Question about unexpected performance when using icc for TSVC benchmark

Question about unexpected performance when using icc for TSVC benchmark

Hi all,I got a TSVC benchmark fromhttp://polaris.cs.uiuc.edu/ maleki1/TSVC.tar.gzIt is used to evaluate the vectorization of compilers. I am trying to test icc with it.I changed the makefile to use icc and I am trying to see the timing of it.The code is simple, there are 151 main functions, each of them has a typical loop and it's own initialization. Each of them prints out it's timing and a certain correctness checking result. main() function calls these 151 functions.I found something confusing happened for function s162(). In main() function, if I comment out all function calls behind s162(), then it's timing is 2.x sec on e5-2680; but if I do not comment them and just use the original code, it timing is 4 sec. This can be repeat and is not randomly happened.It doesnt matter whether I keep or comment those function calls before s162(). It is the point that confuse me since only later part after s162() matters.I compared the .s of these s162(), seems there no instruction related difference.(The correctness check result are the same for this two cases. )The platform I am using is:Chip: Xeon E5, 2680.OS: GNU/LinuxICC:icc (ICC) 12.1.3 20120212This also happens when I run it on Xeon 5660. Timing is 3.x and 6.x. The platform info is:Chip: Xeon 5660OS:GNU/LinuxICC:icc (ICC) 12.1.2 20111128Attachment is the original pakage and the makefiles I used for above two platforms.I wish get your precious advise on what the reason is. It looks like a silly question, but I hope I could learn from you and figure it out.Thank you for reading.Best Regards,Susan

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This benchmark was not intended to be compiled with the driver and the test function in a single source file. Even 22 years ago (when the original was published), compilers could short-cut artificial benchmarks by inter-procedural optimization.

clock() is not a satisfactory timer for this benchmark. Whoever produced this modified version had to make it repeat far more than the original just to make it run long enough to be timed by clock(). Unfortunately, Standard C doesn't include a satisfactory timer function.

The point of s162() is to see whether the compiler recognizes the direction of data overlap, seeing that it will never be executed with a negative overlap. It's possible that when interprocedural optimization succeeds, the compiler sees that the overlap is a compile time constant and can eliminate the conditional as well as propagate the constant overlap into the code. There are other tests in this suite intended to concentrate on that.

Got it. Thank you very much for your helpful and kindly reply.

the link to http://software.intel.com/en-us/system/files/TSVC-s162.tar.gz is broken

can you provide an updated link

>>...I found something confusing happened for function s162(). In main() function, if I comment out all function calls behind s162(),
>>then it's timing is 2.x sec on e5-2680; but if I do not comment them and just use the original code, it timing is 4 sec...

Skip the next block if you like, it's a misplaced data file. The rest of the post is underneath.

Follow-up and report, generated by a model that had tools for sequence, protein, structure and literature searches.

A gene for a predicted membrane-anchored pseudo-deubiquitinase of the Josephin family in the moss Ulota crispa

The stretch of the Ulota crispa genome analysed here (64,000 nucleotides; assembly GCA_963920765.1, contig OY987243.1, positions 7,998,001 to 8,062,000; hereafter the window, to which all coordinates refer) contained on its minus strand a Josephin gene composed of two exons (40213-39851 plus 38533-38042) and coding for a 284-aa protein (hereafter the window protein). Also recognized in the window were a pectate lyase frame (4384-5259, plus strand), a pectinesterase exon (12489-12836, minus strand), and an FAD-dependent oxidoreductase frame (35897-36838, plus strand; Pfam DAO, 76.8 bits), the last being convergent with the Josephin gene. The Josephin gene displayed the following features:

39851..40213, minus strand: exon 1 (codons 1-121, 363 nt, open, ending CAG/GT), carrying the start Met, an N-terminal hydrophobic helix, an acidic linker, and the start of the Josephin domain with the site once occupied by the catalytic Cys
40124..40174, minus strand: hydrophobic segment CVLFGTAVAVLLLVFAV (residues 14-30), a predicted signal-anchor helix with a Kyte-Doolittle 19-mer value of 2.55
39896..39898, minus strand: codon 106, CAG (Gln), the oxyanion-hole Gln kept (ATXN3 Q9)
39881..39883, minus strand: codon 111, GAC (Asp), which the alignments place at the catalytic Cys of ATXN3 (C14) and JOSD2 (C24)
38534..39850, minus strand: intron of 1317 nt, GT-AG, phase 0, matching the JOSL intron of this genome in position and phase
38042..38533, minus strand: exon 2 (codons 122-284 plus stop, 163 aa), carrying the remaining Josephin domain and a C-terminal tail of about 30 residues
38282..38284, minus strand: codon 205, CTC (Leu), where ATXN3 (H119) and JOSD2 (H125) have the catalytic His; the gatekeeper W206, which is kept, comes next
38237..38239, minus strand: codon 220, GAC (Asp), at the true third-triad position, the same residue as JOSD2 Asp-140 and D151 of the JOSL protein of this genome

It could be an alignment issue ( needs to be investigated ) and I've detected a similar issue with two of my performance evaluation tests for some SSE2 and AVX instructions. Almost the same thing, however opposite, that is, it gets better if I comment some pieces of codes.

I really disagree with Tim's comment regarding a CRT-function clock since it provides satisfactory accuracy up to milli-seconds if some test runs more than a couple of seconds. Of course, if somebody will try to use the CRT-function clock to measure a time interval with micro- or nano-seconds accuracy it won't provide reliable numbers.

In the original version of this benchmark http://www.netlib.org/benchmark/vectord loops of length 1000 are timed without extra repetitions.  The shorter loops are repeated so as to process as much data as the longer one, but repeating over the same cached data, Many of these tests run around 100 microseconds on 2.6Ghz coreI7-2, so a timer with microsecond resolution is needed.

I ran some tests this week on linux with various timers and got reports of microsecond resolution with Intel Openmp omp_get_wtime().  I believe it's nearly that good on Windows.  On linux, gettimeofday() is expected to work as well.

>>In the original version of this benchmark http://www.netlib.org/benchmark/vectord loops of length 1000 are timed
>>without extra repetitions. The shorter loops are repeated so as to process as much data as the longer one, but repeating
>>over the same cached data, Many of these tests run around 100 microseconds on 2.6Ghz coreI7-2, so a timer with
>>microsecond resolution is needed
.

Thanks, Tim for these details.

>>In the original version of this benchmark [ ...link removed... ] loops of length 1000 are timed
>>without extra repetitions. The shorter loops are repeated so as to process as much data as the longer one, but repeating
>>over the same cached data, Many of these tests run around 100 microseconds on 2.6Ghz coreI7-2, so a timer
>>with microsecond resolution is needed
.

Thanks, Tim for these details.

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